Fitness plays a special role for people who have diabetes. Being fit means becoming healthier by adding activity to your day. Talk to your healthcare provider before getting started. He or she may want you to have a checkup before you become more active. Also, having certain tests first helps you and your healthcare provider learn how you will respond to a fitness program.
A medical checkup helps ensure that your fitness plan will bring you the most benefit. It also keeps at a minimum the risks that may come with physical activity. As part of your checkup:
You may have a test called a hemoglobin A1C. The A1C test measures your average glucose (sugar) level over 2 to 3 months. A1C is usually given as a percentage. But it is now also given as a number representing estimated Average Glucose (eAG). Unlike the A1C percentage, eAG gives you a number similar to the numbers listed on your daily glucose monitor.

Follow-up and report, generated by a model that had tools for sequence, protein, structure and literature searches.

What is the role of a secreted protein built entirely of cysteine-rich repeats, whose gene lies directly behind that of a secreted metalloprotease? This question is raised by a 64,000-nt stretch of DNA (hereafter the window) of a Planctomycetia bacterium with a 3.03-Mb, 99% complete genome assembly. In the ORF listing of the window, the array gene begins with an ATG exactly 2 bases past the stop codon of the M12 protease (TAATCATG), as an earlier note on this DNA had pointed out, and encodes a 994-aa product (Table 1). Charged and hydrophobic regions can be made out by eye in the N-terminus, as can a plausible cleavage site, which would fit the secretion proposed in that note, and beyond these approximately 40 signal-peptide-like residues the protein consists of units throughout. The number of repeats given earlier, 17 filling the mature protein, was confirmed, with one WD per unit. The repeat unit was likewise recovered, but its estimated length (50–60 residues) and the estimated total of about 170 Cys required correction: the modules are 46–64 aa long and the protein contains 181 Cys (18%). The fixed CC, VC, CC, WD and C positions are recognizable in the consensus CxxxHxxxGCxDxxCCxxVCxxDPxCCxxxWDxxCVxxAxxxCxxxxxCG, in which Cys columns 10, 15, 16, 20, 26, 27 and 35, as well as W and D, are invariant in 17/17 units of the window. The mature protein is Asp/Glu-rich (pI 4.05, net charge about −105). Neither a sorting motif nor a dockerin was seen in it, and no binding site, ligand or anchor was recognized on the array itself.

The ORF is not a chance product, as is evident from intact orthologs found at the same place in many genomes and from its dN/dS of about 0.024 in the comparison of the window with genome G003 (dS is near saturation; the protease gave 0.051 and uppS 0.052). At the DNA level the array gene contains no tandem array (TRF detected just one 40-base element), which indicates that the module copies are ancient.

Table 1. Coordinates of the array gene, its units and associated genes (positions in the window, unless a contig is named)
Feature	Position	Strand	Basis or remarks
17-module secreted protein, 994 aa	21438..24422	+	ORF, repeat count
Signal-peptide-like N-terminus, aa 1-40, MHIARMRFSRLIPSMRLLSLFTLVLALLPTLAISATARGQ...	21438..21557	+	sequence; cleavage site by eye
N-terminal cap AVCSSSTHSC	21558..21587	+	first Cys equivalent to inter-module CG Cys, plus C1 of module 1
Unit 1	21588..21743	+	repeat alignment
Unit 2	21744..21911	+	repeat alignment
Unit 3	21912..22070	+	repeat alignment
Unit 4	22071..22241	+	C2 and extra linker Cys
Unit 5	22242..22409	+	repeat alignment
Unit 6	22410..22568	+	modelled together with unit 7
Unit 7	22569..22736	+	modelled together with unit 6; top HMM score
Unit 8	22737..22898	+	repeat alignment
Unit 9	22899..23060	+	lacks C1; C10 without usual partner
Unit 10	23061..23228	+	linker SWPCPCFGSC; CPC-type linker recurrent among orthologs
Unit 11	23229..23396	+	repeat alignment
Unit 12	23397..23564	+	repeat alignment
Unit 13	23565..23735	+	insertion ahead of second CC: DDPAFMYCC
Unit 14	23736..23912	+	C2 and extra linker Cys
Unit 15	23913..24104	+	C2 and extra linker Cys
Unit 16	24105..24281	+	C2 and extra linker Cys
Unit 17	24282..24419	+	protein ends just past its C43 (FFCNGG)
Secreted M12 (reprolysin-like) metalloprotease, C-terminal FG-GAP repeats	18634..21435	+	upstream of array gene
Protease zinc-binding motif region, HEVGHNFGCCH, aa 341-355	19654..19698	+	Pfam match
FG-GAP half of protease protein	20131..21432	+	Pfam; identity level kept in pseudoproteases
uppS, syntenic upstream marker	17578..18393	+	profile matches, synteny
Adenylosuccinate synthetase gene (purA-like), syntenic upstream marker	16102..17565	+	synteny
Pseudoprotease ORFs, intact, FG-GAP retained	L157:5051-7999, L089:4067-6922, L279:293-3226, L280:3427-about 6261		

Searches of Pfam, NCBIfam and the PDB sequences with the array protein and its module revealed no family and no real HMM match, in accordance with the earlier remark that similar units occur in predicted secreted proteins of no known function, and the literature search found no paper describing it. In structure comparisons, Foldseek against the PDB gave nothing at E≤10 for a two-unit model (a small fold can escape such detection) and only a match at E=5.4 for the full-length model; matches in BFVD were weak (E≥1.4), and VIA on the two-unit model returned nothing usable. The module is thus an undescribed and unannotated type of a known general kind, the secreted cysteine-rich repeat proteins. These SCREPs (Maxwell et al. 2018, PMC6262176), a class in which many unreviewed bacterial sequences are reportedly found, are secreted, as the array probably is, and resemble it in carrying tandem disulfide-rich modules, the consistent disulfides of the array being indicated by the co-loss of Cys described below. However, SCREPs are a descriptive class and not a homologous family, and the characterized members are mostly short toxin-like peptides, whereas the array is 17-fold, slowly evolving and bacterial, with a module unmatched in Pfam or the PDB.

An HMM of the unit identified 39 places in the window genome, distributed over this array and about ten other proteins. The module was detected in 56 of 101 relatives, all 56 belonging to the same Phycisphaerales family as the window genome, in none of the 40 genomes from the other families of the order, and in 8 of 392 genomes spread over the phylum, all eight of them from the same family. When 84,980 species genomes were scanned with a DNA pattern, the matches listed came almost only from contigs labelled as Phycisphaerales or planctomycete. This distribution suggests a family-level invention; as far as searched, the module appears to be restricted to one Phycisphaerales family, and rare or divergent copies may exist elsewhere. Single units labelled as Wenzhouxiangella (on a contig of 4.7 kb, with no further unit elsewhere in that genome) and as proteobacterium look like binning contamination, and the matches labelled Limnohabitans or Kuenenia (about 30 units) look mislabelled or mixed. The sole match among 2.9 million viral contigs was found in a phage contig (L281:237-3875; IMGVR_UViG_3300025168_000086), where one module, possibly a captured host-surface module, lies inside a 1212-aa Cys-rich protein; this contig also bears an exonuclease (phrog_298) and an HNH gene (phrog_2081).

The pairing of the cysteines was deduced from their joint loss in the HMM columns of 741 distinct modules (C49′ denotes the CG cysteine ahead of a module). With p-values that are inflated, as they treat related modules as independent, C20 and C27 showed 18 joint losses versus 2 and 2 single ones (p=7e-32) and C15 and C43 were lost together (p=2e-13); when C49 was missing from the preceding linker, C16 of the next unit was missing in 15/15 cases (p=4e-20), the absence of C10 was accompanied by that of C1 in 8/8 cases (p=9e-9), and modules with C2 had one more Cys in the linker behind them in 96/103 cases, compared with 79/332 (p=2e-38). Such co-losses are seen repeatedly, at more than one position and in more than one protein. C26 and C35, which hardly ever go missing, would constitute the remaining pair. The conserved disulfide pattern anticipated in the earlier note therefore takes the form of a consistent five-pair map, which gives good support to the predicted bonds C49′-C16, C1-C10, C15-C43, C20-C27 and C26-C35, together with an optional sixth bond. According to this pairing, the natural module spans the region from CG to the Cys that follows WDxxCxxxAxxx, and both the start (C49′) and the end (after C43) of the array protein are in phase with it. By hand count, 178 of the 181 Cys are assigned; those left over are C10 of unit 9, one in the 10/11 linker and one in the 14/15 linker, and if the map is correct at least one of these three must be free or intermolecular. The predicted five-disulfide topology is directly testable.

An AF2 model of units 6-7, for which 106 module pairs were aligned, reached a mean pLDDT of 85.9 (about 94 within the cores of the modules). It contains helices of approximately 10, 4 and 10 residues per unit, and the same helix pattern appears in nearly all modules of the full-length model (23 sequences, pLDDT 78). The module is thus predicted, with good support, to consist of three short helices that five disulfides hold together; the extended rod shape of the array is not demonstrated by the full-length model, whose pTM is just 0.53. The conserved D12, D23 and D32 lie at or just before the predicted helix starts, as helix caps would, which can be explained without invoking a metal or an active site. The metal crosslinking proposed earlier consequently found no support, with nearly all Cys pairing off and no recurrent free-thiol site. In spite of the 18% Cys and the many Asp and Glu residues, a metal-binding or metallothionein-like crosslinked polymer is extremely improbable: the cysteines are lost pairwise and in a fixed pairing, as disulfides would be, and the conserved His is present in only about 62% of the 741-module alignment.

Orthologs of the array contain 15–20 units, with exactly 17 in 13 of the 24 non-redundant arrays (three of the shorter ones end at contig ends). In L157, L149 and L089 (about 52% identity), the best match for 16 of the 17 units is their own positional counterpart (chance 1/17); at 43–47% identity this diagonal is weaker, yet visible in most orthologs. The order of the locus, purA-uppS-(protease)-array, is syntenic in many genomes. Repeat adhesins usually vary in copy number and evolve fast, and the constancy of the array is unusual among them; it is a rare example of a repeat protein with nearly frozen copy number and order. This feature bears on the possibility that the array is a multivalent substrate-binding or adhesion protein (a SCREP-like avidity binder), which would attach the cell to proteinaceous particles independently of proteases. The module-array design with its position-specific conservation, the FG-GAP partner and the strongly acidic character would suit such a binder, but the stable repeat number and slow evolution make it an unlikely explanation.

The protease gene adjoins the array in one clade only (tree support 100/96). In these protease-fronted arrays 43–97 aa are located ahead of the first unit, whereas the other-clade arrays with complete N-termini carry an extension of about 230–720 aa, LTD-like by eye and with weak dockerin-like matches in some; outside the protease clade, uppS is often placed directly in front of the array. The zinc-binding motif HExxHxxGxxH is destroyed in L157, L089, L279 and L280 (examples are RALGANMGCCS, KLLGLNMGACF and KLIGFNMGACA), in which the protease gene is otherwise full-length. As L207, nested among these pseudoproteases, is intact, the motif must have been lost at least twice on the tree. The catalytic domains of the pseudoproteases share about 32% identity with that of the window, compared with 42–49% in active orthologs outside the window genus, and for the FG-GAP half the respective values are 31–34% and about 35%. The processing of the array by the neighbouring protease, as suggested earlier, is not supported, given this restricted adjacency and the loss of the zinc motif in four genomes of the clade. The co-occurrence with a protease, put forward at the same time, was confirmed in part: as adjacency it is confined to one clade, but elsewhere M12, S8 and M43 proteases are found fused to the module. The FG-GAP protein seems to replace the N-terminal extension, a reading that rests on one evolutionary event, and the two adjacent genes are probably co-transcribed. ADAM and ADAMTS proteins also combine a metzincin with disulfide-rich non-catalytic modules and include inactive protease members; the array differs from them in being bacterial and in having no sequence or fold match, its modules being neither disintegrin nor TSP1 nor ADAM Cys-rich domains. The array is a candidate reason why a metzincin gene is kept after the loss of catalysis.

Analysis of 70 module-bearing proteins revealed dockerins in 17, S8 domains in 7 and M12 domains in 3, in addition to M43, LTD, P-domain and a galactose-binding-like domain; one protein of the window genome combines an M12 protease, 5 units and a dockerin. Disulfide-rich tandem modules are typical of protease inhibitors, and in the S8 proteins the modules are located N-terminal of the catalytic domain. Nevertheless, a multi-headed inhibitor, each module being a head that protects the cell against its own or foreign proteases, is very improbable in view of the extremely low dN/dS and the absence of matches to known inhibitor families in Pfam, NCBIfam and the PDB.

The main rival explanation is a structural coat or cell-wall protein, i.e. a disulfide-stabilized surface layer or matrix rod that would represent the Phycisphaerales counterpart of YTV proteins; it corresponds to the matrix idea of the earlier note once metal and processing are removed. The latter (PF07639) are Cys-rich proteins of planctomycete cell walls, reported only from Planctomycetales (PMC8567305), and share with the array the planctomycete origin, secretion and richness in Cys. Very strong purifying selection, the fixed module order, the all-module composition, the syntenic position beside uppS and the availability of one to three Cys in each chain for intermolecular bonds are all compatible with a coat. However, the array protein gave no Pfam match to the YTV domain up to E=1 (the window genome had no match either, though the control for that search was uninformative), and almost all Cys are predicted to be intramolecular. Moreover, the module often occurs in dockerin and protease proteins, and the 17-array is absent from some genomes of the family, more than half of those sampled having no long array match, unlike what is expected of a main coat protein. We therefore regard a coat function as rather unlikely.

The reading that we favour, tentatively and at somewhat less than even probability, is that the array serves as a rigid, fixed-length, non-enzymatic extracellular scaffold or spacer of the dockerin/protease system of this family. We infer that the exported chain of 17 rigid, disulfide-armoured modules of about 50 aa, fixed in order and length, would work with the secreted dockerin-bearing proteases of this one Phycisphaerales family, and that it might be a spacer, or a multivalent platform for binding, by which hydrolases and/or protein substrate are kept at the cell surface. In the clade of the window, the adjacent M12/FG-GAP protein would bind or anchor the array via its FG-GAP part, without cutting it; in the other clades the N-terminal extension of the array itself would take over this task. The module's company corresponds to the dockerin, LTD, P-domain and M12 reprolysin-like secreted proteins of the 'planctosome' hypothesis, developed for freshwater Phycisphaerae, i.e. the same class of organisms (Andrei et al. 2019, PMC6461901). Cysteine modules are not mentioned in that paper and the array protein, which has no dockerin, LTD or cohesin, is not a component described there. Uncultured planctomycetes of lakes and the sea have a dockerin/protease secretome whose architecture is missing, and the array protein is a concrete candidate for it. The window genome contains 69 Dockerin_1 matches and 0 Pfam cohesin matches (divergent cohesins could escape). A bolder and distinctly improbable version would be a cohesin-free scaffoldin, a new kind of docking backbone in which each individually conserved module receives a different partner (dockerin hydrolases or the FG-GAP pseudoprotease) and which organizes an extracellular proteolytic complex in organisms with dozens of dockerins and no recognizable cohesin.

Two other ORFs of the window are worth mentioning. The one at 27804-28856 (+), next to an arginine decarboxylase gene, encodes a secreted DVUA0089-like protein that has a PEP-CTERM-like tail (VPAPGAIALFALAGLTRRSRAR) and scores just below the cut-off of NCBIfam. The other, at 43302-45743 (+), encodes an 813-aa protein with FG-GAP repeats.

Your healthcare provider may check the health of your heart with a resting electrocardiogram. Diabetes can cause heart problems. But a fitness program can help these problems get better. Being fit can also help improve your cholesterol and blood pressure levels.
Your healthcare provider may check the health of your feet. People who have diabetes can have problems with their feet. Your healthcare provider can check your feet before you become more active. Take time to find shoes that will support your feet well while you exercise.
An exercise stress test can show how your heart responds to activity and what level of exercise is right for you. You will have small electrodes placed on your chest. You will then walk on a treadmill or ride an exercise bike while your heart rate is monitored. If you have this test, your healthcare provider will give you more details.